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Out of the Storm: The Life and Legacy of Martin Luther Hardcover – 8 Jan 2008
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"A first-rate biography" (Scottish Sunday Mail)
"Scores highly in thoroughness, clarity and human sympathy. If you want a model of how to defy uncomprehending power - your equivalent of Luther's Pope, Emperor, Church - or a model of how to laugh at the Devil, Wilson has provided a reliable guide as to how Luther did it" (Sunday Telegraph)
"Wilson tells the story well and places it carefully in context, but what makes his book sprecial is the superb closing chapter, where he deals with what these days we would call Luther's legacy" (Herald)
"A vibrantly written book which focuses on personalities as well as the momentous events surrounding them - the impact of which will never be lost" (Belfast Telegraph) --This text refers to the Paperback edition.
A revelatory biography of a remarkable Renaissance man whose rationalist convictions changed not only the development of the church and Europe post-Reformation, but also exercised a profound influence on how the individual relates to society. --This text refers to the Paperback edition.See all Product description
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Added much to my knowledge of Martin Luther, and Europe, in his time.
Wilson's book is intended as a popular biography, and works well as such. There might be too much detail in the book for some readers, and too little for others, but overall it would be a reasonable choice for those who want a well-balanced consideration of Martin Luther's life and influence.
Yet, as the pages of Out of the Storm show us, Luther was also beset by pride and anger. He often argued with all who disagreed with him, believing himself to be the sole possessor of divine truth. This hindered much of the unity in the Reformation. During the last decade or so of Luther's life, he became increasingly bitter, even saying unspeakable things about the Jewish race in society. It is interesting to note how Derek Wilson speaks of Luther's last years in the second to last chapter, entitled, "A Death too Late?". It is in fact possible that Luther lived too long. If he had died before he had written his anti-Semitic diatribe, we would be free to simply admire him as a man of great faith who made effective challenges to medieval Catholic hegemony. However, this same man's life account becomes marred by a most troubling and angry temperament. Other books about Luther's life (see Roland Bainton's Here I Stand) tell how Luther did in fact apologize for his anger when upon his death bed. If only he had confessed his devilish rage and fury to God during his prime decades, he would not have discredited so many of his accomplishments in the eyes of those who may otherwise learn from him. But perhaps this all merely demonstrates that the real hero of the Reformation is not Luther, but God himself. And the real words that overcame the Catholic traditions and liberated the faith of Europe and then the entire world were not those of Luther, but those of God, preserved in the Scriptures alone.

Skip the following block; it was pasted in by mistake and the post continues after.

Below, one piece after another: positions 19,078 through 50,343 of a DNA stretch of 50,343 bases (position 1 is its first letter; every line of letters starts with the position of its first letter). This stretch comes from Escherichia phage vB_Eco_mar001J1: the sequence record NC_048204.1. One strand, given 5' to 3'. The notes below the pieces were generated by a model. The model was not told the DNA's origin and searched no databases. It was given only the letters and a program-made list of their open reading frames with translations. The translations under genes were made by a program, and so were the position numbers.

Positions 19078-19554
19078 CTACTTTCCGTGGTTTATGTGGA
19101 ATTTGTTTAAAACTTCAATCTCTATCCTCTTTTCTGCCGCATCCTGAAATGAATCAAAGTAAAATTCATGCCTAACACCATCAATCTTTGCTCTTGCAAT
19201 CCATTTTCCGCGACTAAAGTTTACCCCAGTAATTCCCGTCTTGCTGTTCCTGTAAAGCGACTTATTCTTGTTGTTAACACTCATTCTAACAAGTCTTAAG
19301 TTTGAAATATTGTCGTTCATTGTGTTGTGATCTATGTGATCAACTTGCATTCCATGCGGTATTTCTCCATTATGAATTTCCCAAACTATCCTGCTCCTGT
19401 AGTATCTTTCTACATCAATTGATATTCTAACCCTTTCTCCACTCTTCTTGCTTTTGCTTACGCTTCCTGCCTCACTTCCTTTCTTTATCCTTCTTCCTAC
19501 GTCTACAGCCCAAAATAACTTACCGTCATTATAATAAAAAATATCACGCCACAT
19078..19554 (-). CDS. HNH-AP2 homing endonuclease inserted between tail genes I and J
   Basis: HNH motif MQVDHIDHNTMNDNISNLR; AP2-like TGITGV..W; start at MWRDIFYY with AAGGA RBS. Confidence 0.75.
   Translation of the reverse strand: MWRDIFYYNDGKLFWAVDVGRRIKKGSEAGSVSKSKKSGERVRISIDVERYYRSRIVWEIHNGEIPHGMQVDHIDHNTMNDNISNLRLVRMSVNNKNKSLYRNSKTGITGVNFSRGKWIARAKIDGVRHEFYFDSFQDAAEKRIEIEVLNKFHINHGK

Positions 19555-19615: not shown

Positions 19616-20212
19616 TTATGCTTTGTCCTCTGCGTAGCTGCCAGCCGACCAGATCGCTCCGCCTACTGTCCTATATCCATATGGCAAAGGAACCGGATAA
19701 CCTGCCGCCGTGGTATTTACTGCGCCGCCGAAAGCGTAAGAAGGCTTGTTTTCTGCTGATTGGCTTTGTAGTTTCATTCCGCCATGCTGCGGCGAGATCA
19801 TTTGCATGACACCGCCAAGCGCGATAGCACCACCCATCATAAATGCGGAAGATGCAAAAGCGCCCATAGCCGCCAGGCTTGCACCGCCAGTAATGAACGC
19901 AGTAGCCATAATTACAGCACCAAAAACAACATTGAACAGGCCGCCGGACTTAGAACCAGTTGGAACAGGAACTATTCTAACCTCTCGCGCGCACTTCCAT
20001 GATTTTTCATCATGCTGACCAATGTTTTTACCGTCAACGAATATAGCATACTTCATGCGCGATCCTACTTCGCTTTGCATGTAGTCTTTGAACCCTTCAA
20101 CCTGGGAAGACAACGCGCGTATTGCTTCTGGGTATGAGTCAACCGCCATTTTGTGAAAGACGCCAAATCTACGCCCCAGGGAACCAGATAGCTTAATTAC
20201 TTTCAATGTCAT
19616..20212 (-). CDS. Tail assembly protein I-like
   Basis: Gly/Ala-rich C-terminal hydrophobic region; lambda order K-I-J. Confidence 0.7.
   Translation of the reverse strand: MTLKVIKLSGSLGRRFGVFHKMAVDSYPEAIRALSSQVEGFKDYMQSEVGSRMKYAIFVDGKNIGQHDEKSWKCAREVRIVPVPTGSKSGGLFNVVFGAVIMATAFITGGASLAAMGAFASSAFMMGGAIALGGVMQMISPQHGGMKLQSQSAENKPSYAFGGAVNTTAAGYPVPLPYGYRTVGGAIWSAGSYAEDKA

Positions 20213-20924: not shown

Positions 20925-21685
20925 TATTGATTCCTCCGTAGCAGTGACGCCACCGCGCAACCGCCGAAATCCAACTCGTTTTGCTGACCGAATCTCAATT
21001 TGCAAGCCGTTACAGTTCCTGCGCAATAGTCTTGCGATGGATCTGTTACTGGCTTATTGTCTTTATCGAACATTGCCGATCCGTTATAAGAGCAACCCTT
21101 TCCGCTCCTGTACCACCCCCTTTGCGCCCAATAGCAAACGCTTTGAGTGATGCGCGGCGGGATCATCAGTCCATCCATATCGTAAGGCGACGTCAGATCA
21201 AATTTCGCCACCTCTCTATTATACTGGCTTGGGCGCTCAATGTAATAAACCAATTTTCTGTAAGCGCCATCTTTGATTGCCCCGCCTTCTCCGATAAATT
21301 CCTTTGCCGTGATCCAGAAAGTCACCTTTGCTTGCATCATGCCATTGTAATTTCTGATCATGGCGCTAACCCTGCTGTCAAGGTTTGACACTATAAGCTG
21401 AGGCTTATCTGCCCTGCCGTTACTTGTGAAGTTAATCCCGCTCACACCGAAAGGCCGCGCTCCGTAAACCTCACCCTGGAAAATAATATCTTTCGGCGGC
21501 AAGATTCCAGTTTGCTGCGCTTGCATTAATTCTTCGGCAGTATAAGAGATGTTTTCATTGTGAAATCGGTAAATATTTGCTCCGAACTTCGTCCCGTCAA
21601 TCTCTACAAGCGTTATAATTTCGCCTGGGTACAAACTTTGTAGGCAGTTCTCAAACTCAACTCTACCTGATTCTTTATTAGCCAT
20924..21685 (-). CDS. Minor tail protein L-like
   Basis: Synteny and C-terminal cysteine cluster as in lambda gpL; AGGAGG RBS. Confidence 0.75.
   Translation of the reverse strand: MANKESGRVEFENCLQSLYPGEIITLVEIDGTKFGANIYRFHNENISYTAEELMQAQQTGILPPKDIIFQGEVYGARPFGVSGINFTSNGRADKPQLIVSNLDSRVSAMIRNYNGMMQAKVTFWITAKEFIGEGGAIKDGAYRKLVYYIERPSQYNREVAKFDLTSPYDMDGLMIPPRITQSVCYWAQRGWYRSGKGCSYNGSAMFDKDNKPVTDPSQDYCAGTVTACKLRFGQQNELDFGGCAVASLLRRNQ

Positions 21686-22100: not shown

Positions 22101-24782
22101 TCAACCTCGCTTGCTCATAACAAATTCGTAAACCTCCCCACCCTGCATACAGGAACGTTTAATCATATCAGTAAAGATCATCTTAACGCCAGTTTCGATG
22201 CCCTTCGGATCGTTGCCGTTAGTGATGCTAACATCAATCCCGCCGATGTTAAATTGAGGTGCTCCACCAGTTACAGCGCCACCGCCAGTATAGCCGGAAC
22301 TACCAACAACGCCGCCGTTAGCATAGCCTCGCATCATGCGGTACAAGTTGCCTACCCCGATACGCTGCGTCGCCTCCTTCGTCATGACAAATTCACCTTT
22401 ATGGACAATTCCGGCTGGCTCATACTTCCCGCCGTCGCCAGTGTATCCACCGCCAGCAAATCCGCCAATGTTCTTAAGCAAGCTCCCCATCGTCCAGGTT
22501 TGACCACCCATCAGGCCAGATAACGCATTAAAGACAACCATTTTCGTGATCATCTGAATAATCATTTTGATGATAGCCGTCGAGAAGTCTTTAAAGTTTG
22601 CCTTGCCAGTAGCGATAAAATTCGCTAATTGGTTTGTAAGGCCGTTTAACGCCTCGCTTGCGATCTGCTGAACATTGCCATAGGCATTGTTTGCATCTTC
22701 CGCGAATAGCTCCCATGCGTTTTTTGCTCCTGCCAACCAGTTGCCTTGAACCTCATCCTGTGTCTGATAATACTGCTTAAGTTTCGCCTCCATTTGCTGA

Derek Wilson's book shows all these points of interest in a readable and accessible manner.
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